When your drug of choice is Argentinian Malbec, it makes sense to go to the source—to Argentina’s Mendoza wine region. So, there I was, on a flight to Buenos Aires to meet up with my sister, Angie, and brother-in-law, Olly, the Malbec enthusiast.

With the help of the company Journey Latin America, we decided on an itinerary that first took us south, to the cooler climes of Patagonia.

South to the ice

From Buenos Aires, a 3½-hour flight took us to El Calafate, a town on the shore of Lago Argentino. The place has a Wild West-frontier feel, with a desolate terrain of tundra and rock, precious few trees, and the peaks of the Andes on the western horizon.

Renting a car wasn’t as hard as finding a station with gas to fill it up. We were intrigued by the warning that insurance doesn’t cover overturned cars. This made sense when we were later warned to always park facing into the wind. If the infamous gusts don’t overturn your car, they are likely to at least rip the doors off.

A mere 34-mile drive—which brought us closer to the ice fields and the Perito Moreno Glacier—took about four hours on a dirt road. Our destination was Estancia Nibepo Aike, a working sheep farm that offers lodging. The proprietor was indistinguishable from the farmhands. They were all fierce-looking gauchos with black beards, red berets and knives tucked in the backs of their breeches.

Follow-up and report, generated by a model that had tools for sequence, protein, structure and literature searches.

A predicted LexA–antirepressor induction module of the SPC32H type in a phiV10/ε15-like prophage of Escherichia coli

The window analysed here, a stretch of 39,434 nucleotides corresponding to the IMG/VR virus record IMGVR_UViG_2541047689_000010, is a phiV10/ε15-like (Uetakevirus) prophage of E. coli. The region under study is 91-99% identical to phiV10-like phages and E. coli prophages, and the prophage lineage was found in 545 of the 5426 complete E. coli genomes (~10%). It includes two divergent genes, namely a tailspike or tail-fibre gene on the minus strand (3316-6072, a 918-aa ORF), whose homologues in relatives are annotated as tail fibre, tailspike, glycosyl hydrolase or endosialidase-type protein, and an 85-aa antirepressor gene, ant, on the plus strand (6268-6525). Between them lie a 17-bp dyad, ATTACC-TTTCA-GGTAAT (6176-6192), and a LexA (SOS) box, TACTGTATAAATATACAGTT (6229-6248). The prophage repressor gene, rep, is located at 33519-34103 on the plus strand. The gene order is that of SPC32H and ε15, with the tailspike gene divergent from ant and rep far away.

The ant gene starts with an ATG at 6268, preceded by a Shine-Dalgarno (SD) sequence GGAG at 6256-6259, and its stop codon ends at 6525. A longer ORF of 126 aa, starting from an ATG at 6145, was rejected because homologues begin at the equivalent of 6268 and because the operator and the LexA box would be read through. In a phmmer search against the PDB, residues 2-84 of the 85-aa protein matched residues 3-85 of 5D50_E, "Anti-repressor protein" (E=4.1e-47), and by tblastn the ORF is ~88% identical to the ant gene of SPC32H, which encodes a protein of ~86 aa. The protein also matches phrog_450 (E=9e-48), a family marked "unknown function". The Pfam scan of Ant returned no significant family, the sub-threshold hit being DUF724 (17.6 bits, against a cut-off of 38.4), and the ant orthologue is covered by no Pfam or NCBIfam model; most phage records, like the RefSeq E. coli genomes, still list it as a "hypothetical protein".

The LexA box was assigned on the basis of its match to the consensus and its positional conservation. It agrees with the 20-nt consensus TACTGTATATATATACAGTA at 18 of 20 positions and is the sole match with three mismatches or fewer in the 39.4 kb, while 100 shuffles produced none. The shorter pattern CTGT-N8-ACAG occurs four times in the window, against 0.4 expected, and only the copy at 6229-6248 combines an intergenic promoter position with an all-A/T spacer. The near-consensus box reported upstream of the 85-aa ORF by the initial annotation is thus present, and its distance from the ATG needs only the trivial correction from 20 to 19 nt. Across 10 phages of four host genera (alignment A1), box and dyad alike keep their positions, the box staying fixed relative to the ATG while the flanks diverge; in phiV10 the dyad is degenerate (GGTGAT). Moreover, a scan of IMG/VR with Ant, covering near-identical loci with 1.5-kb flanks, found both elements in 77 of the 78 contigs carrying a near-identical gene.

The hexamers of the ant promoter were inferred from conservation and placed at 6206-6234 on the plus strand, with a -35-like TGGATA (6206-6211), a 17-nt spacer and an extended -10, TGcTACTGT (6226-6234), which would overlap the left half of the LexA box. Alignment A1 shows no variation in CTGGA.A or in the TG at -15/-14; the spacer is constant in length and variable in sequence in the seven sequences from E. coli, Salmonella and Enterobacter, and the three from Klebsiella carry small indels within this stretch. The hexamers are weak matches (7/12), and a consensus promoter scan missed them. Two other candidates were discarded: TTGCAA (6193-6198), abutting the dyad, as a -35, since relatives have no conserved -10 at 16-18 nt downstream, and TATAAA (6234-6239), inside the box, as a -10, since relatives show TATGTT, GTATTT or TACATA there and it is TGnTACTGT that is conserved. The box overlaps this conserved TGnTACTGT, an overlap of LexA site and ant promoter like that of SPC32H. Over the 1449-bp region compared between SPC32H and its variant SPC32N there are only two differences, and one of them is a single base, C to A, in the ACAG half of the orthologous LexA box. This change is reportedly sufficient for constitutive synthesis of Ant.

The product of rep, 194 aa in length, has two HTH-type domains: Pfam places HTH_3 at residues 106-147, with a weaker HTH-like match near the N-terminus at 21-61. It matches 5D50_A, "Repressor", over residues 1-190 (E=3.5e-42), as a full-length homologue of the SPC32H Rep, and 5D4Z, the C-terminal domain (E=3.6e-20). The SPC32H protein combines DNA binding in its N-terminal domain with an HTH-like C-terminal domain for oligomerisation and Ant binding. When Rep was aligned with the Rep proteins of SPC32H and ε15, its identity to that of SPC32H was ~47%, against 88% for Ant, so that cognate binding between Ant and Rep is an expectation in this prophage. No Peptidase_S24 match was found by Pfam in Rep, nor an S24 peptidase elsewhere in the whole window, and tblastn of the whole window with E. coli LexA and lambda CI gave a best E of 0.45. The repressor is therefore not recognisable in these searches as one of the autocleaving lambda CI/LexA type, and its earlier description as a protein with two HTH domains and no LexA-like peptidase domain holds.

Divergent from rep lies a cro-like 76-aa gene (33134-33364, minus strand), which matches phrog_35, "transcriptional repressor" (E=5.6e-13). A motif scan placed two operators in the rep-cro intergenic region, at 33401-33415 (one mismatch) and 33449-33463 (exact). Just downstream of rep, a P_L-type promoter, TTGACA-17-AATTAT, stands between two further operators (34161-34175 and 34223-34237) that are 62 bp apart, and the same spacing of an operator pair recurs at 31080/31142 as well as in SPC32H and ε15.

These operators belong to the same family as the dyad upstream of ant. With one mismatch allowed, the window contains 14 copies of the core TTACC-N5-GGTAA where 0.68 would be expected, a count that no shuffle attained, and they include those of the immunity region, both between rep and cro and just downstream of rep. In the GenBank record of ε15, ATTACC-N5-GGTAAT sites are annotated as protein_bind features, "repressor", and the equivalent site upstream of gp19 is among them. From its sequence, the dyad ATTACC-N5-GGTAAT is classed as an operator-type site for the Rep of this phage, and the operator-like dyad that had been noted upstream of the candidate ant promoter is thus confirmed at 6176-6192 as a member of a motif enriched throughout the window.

We met the sheep and the multinational crew of fellow guests, rode horses, and, despite being cheapskates, got talked into the $240-per-head glacier boat tour.

From a distance, this 180-foot ice wall (with a further 360 feet submerged) looks impressive. Close up, one can fully appreciate how massive the jagged wall of luminescent blue ice really is.

The glacier squeezes slowly but relentlessly through a rocky bottleneck into the lake. It “talks,” with repeated reports like gun shots, while house-size chunks of ice—snow that fell 300 years ago, our guide explained—fall into the silty, cold, gray water with a sound like an avalanche, creating mini-tsunamis.

Back on the boat, we returned to base camp, our excited exchanges enhanced by the crew serving us scotch on the rocks—supposedly glacial “rocks.”

Grape Country

Then, we were on to Mendoza—Argentina’s primary wine district in the semi-arid, central western highland foothills of the Andes.